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Syrien Zerstörung von Wohngebieten und Infrastruktur in Idlib
Image: picture-alliance/AP Photo/G. Alsayed

Syria and Russia targeted civilian infrastructure: HRW

October 15, 2020

Human Rights Watch has declared Syrian and Russian strikes against Idlib to be war crimes. The report blasts the strategic attacks on civilian targets as a "callous disregard" for life.


Bombings carried out by Syrian and Russian forces against the rebel-held enclave of Idlib amount to war crimes and possible crimes against humanity, Human Rights Watch declared in a report published on Thursday.

The 167-page report looked at ground strikes in the region between April 2019 and March 2020 and concluded that the strategy to take back the city from anti-government forces contravened the laws of war.

The global rights group said that the "unlawful" strikes had killed 224 civilians, wounding a further 561, and displacing over 1.4 million people. Three million people live in the area, including many who fled from other regions.

A ceasefire was agreed in March between Turkey and Russia who support different sides in the conflict.

The report also named 10 senior Syrian and Russian officials, who may be "command responsible" for the war crimes. The list included Syrian President Bashar al-Assad and Russian President Vladimir Putin.

Civilian infrastructure was the target

The report claims that the strategy carried out by the two military forces was aimed at civilian rather than military targets.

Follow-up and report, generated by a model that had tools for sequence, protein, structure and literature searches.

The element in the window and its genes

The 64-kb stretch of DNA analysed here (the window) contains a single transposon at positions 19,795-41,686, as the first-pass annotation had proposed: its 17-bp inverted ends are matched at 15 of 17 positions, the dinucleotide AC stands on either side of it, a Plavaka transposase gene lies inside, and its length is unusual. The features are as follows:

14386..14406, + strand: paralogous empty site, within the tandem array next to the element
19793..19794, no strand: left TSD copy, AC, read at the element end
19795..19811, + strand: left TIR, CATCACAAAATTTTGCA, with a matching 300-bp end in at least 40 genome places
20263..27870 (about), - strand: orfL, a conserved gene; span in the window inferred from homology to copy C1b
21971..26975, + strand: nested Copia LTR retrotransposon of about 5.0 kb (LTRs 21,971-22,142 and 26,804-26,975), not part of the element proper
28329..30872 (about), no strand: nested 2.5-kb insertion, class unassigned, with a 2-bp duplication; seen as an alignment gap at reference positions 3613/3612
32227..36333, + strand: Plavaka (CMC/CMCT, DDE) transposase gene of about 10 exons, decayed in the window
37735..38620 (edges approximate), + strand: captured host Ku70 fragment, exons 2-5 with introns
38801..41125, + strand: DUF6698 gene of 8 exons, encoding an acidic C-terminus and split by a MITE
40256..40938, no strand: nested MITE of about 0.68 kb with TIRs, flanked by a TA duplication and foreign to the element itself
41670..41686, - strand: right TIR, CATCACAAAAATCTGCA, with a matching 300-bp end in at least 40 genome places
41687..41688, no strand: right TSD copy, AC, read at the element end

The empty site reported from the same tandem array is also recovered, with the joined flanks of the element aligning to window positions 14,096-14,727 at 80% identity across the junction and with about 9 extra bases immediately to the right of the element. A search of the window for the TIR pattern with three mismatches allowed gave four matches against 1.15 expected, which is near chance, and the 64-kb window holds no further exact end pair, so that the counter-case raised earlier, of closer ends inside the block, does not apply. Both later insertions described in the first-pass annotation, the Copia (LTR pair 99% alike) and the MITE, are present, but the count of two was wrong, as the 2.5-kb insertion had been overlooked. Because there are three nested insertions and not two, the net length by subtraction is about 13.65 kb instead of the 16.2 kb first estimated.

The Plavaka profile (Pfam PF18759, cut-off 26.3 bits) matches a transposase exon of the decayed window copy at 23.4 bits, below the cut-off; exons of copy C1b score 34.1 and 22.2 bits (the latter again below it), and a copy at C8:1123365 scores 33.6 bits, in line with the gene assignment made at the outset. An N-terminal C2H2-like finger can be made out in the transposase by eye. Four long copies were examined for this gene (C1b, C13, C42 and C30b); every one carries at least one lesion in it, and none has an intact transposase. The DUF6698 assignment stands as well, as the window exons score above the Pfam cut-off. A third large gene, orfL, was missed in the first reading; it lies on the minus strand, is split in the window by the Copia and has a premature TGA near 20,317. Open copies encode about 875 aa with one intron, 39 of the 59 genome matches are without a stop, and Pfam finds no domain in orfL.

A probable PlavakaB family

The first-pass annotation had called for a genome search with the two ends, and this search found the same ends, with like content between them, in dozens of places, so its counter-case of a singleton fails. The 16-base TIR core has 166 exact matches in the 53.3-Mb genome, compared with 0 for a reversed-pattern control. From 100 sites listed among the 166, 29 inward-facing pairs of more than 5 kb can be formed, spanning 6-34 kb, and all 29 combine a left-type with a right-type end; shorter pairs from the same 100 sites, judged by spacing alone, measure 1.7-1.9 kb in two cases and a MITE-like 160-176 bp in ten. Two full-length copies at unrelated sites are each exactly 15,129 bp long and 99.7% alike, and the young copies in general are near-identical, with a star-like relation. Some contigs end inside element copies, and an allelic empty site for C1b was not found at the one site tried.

Read more: Idlib diaries: Before and after Syria's ceasefire

"The Syrian-Russian alliance strikes on Idlib’s hospitals, schools, and markets showed callous disregard for civilian life," said Kenneth Roth, executive director of Human Rights Watch. 

"The repeated unlawful attacks appear part of a deliberate military strategy to destroy civilian infrastructure and force out the population, making it easier for the Syrian government to retake control," he added.

HRW interviewed victims and witnesses as well as inspecting satellite images and photographs as part of their investigation. They determined that the strikes damaged 12 healthcare facilities and 10 schools, taking them out of use. 

The attacks also damaged at least five markets, four displaced people’s camps, four residential neighborhoods, two commercial areas, and a prison, a church, a stadium, and an NGO office.

The investigation found no evidence of military targets in the vicinity at the time of the strikes, nor did witnesses report any warnings before the attacks began.

No 'impunity' for war crimes

Ayman Assad, a resident of Idlib city, told HRW that people "are terrified. I don’t feel safe at my place of work, and at the same time, I am constantly worried about my family, especially my two children who are going to school every day. Schools, markets, homes, hospitals, everything is a target. They are targeting life in Idlib"

Aeriel view of Al-Bara town in Idlib province following air strikes
Aeriel view of Al-Bara town in Idlib province following air strikesImage: AFP/O. H. Kadour

The report called on the UN Security Council to reauthorize cross-border aid deliveries which had been vetoed by Russia.

"It's really only by following up and ensuring that these people who have overseen these war crimes, do not get away with impunity, that there are consequences for pursuing this war crime strategy," Roth said.

ab/rc (Reuters)

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